In most dictionaries, verbs are listed in their indicative root form, for example -kata meaning 'to cut/chop'. In a simple sentence, prefixes for grammatical tense and person are added, as ninakata 'I cut'. Here ni- means 'I' and na- indicates a specific time (present tense unless stated otherwise).

Verb conjugation

ni- -na- kata
1sg DEF. TIME cut/chop
'I am cutting (it)'

Now this sentence can be modified either by changing the subject prefix or the tense prefix, for example:

u- -na- kata
2sg DEF. TIME cut/chop
'You are cutting'
u- -me- kata
2sg PERFECT cut/chop
'You have cut'

The animate/human subject and object prefixes, with the m-/wa- (human class) in the third person, is:

Subject prefixes
Person Sg. Pl.
1st ni- tu-
2nd u- m-
3rd a- wa-
Object prefixes
Person Sg. Pl.
1st -ni- -tu-
2nd -ku- -wa- (-mu-)
3rd -m- -wa-

In Standard Swahili, 2pl and 3pl objects are both -wa-. However, in Nairobi Swahili, 2pl is -mu-.

The most common tense prefixes are:

Tense and mood prefixes
-a- gnomic (indefinite time)
-na- definite time (often present progressive)
-me- perfect
-li- past
-ta- future
hu- habitual (does not take subject prefix)
-ki- conditional

The indefinite (gnomic tense) prefix is used for generic statements such as "birds fly", and the vowels of the subject prefixes are is assimilated. Thus nasoma means 'I read', although colloquially it is also short for ninasoma.

Persons in gnomic tense
1st na- twa-
2nd wa- mwa-
3rd a- wa-
na- soma
1sg:GNOM read
'I read'
mwa- soma
2pl:GNOM read
'You (pl) read'


ni-ki-nunua nyama wa mbuzi soko-ni, ni-ta-pika leo.
'If I buy goat meat at the market, I'll cook today.'

The English conjunction 'if' is translated by -ki-.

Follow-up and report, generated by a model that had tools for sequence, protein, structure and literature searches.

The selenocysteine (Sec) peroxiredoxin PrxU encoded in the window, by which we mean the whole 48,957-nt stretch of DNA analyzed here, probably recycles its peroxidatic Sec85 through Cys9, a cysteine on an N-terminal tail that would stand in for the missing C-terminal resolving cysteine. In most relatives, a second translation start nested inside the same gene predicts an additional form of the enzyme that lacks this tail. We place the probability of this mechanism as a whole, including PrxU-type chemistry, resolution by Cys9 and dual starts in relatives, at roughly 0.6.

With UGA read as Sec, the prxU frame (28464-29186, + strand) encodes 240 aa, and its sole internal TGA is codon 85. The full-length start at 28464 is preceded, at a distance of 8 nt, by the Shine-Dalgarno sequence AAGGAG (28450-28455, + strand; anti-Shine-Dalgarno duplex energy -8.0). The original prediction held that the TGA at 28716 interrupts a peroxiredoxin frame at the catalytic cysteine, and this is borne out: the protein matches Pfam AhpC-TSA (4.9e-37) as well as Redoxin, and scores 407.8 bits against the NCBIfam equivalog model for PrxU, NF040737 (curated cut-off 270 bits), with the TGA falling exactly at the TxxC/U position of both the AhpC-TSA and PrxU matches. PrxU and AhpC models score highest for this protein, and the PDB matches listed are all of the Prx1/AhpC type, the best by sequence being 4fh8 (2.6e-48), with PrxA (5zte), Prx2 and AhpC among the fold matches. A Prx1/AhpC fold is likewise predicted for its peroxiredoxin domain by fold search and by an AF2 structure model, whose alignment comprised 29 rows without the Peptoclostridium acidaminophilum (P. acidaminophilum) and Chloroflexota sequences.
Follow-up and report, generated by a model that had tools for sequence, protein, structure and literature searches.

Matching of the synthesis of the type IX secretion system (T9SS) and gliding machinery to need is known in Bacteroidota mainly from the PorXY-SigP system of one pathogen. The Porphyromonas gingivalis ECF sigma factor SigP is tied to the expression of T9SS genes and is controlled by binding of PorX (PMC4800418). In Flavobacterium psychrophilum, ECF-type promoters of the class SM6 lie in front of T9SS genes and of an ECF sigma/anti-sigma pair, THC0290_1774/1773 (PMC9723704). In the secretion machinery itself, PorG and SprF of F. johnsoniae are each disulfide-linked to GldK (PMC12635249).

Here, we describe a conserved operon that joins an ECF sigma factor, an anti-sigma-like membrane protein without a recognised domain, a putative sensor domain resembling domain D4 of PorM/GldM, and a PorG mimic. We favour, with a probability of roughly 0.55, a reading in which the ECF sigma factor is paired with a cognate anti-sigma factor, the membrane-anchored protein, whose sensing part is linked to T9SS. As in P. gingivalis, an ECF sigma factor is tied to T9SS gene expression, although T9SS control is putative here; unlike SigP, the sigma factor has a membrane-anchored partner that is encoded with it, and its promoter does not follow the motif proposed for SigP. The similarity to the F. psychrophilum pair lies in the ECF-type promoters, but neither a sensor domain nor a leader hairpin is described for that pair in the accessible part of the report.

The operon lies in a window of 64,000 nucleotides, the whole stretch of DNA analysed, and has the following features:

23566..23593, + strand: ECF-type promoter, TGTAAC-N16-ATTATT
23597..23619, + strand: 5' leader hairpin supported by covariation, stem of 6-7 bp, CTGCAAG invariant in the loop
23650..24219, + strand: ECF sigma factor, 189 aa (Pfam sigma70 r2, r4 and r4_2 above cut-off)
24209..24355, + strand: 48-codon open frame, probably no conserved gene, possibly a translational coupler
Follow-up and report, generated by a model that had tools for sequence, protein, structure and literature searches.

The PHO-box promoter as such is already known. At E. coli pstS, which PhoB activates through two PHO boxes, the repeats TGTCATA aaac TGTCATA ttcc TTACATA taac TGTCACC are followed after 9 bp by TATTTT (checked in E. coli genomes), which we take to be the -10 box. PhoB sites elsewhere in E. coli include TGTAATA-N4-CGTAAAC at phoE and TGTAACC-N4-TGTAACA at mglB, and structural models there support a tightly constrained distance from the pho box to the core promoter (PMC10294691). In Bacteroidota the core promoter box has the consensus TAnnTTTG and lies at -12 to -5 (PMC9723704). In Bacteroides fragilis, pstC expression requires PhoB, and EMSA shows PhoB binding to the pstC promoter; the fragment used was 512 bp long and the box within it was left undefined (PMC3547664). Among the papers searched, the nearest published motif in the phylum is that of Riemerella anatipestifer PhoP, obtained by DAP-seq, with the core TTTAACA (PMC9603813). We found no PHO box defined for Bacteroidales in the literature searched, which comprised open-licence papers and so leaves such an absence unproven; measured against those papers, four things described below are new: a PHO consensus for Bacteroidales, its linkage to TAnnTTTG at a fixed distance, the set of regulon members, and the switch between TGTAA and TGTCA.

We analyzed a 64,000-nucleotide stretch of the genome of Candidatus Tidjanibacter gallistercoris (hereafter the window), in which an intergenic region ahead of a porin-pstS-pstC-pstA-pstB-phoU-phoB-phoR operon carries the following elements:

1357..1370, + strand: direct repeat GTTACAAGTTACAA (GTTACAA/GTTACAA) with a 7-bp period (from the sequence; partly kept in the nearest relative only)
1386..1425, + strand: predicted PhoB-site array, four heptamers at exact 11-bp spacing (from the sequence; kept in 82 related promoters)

A third prefix is the object prefix. It is placed just before the root and refers a particular object, either a person, or rather as "the" does in English:

a- na- mw- ona
3sg DEF.T. 3sg.OBJ see
'He (is) see(ing) him/her'
ni- na- mw- ona mtoto
1sg DEF.T. 3sg.OBJ see child
'I (am) see(ing) the child'

The -a suffix listed by dictionaries is the positive indicative mood. Other forms occur with negation and the subjunctive, as in sisomi:

si- som- -i
1sg.NEG:PRES read NEG
'I am not reading/ I don't read'

Other instances of this change of the final vowel include the subjunctive in -e. This goes only for Bantu verbs ending with -a; Arabic-derived verbs do not change their final vowel.

Other suffixes are placed before the end vowel, such as the applicative -i- and passive -w-:

wa- na- pig -w -a
'They are being hit'


Swahili phrases agree with nouns in a system of concord, though if the noun refers to a human, they accord with noun classes 1 & 2 regardless of noun class. Verbs agree with the noun class of their subjects and objects; adjectives, prepositions, and demonstratives agree with the noun class of their nouns. In Standard Swahili (Kiswahili sanifu) and in areas such as Zanzibar where Swahili is the native language the system is rather complex; however, it is drastically simplified in many local variants where Swahili is not the native language, such as in Nairobi.